Home-School Cooperation at the Secondary Level in the United Kingdom

Article excerpt

This article discusses findings from the Successful Schools Project, a two-year national project involving 10 secondary schools in England and Wales. The project aimed to identify appropriate strategies for involving parents in their adolescents education. The local authorities involved in the project were Cumbria, Devon, Manchester, London Borough of Newham, Nottinghamshire, Rhondda Cyan Taff, Peterborough and Wakefield.

Background

The skills required to be a good parent have always been complex. Today, however, the basics of providing food, shelter and security for one's offspring have been overlaid by greater expectations and the need for higher parental competencies than ever before. The new United Kingdom (U.K.) government has acknowledged the important influence that parents have on their children, and is exploring ways to harness that influence in order to maximize students' learning. The recent U.K. Government Education White Paper, Excellence in Learning (1997), acknowledges the continuing significance of parents as a major force in raising education standards and addressing issues of student performance. The report notes:

Parents are a child's first and enduring teachers. They play a crucial role in helping their children learn. Family learning is a powerful tool for reaching some of the most disadvantaged in our society. It has the potential to reinforce the role of the family and to change education, helping build strong local communities and widening participation in learning. We want to encourage more effective involvement of family learning in early years and primary education.

The Community Education Development Center (CEDC), a United Kingdom charitable trust committed to broader participation in learning, welcomes the ideas and sentiments expressed in the government's White Paper. CEDC has long championed the role of parents in their children's education, and for close to 20 years has managed projects, provided training and produced publications that have argued the value of meaningful parental involvement in children's learning.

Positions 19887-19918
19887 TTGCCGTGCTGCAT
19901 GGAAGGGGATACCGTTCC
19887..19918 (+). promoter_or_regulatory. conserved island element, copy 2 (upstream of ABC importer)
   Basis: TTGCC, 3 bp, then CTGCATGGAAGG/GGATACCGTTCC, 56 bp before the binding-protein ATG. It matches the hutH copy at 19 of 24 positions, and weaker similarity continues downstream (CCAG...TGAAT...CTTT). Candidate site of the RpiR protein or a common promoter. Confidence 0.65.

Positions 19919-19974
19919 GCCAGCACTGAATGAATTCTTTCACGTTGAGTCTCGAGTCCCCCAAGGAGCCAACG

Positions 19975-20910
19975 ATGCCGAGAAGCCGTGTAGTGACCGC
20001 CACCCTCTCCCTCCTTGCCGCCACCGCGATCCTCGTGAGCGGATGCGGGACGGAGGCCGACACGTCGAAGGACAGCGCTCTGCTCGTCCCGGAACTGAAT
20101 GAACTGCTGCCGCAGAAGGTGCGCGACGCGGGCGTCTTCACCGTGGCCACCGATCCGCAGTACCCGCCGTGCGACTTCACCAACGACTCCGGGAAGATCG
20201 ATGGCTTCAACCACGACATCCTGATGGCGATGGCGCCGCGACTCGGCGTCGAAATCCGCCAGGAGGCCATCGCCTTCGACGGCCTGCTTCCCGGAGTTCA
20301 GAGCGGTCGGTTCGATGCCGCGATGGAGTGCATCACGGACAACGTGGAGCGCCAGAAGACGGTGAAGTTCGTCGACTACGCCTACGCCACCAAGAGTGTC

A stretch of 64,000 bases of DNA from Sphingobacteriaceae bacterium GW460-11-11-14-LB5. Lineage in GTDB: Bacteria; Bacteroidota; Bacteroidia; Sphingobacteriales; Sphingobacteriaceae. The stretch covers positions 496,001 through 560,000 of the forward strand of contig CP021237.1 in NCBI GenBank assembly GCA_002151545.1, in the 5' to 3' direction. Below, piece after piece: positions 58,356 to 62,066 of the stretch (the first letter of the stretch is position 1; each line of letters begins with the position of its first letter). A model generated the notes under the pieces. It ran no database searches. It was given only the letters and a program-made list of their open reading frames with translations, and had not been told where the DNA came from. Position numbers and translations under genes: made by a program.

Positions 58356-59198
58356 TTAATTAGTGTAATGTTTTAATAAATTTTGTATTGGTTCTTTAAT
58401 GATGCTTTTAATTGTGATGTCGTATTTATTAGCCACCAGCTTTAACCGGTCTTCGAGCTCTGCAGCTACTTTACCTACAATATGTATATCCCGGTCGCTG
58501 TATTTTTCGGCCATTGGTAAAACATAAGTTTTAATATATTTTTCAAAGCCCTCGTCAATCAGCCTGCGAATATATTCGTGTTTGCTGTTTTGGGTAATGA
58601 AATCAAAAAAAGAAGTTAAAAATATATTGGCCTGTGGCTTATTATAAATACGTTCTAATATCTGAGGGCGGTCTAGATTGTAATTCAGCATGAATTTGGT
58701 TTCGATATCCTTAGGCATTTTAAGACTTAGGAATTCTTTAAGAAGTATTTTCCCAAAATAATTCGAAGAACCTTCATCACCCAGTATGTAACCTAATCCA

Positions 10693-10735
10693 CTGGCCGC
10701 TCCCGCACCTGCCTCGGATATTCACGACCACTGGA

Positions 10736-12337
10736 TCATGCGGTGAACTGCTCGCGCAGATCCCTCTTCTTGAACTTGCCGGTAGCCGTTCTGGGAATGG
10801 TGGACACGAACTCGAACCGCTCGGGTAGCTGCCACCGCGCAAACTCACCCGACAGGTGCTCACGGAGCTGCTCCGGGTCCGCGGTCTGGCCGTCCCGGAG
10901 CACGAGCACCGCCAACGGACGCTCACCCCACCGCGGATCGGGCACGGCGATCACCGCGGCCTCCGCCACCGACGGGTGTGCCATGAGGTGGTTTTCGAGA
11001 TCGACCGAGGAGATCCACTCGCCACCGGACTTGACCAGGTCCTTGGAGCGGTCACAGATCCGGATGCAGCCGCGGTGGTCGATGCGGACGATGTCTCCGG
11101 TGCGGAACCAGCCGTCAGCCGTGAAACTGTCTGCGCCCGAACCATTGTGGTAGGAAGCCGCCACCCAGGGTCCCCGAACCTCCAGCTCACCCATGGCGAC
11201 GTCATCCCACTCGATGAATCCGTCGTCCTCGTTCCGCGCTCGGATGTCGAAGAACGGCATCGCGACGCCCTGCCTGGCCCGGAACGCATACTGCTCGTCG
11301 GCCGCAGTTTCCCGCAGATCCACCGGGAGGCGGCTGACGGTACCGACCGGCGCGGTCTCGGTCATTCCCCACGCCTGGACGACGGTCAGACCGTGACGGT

One of CEDC's earliest publications, Raising Standards (Widlake & McLeod, 1982), made the case for parental involvement. One of the publication's key findings was that when parents were encouraged to help, children from less privileged backgrounds were not as likely to fail in school and, in fact, did as well as or better than their middle-class peers. This awareness of the importance of family involvement in children's learning is reflected in CEDC's activities with families and parents. Projects such as Compass, Parents As Co-educators and Today's Child - Tomorrow's Adult have explored various dimensions of family and parent education.

These and other projects helped establish CEDC's strong support of parents' involvement in primary education, but the organization also has long harbored a concern about parents' roles in secondary schools. In 1995, CEDC began the Successful Schools Project with funding obtained from the Halifax Building Society, a U.K. bank, and from a number of local education authorities who shared CEDC's interest in the role of parents in secondary schools and the effects of parental involvement on adolescents' performance.

The Successful Schools Project has broken new ground in exploring the potential for schools, parents and students to work together. It has been successfully implemented in schools in England and Wales. These schools explored approaches for involving families in their adolescents' learning, and in contributing to the life of the school. In the most positive cases, the project has revealed that parental involvement can bring about:

* a rise in students' self-confidence and self-esteem

* practical cooperation between parents and teachers

* improvements in student behavior and attendance

* recognition within the schools of the importance of family involvement

* the inclusion of parents who may have been categorized as hard to reach

* improved communication between school and home

* an increase in professional confidence among teachers in working with parents and families. …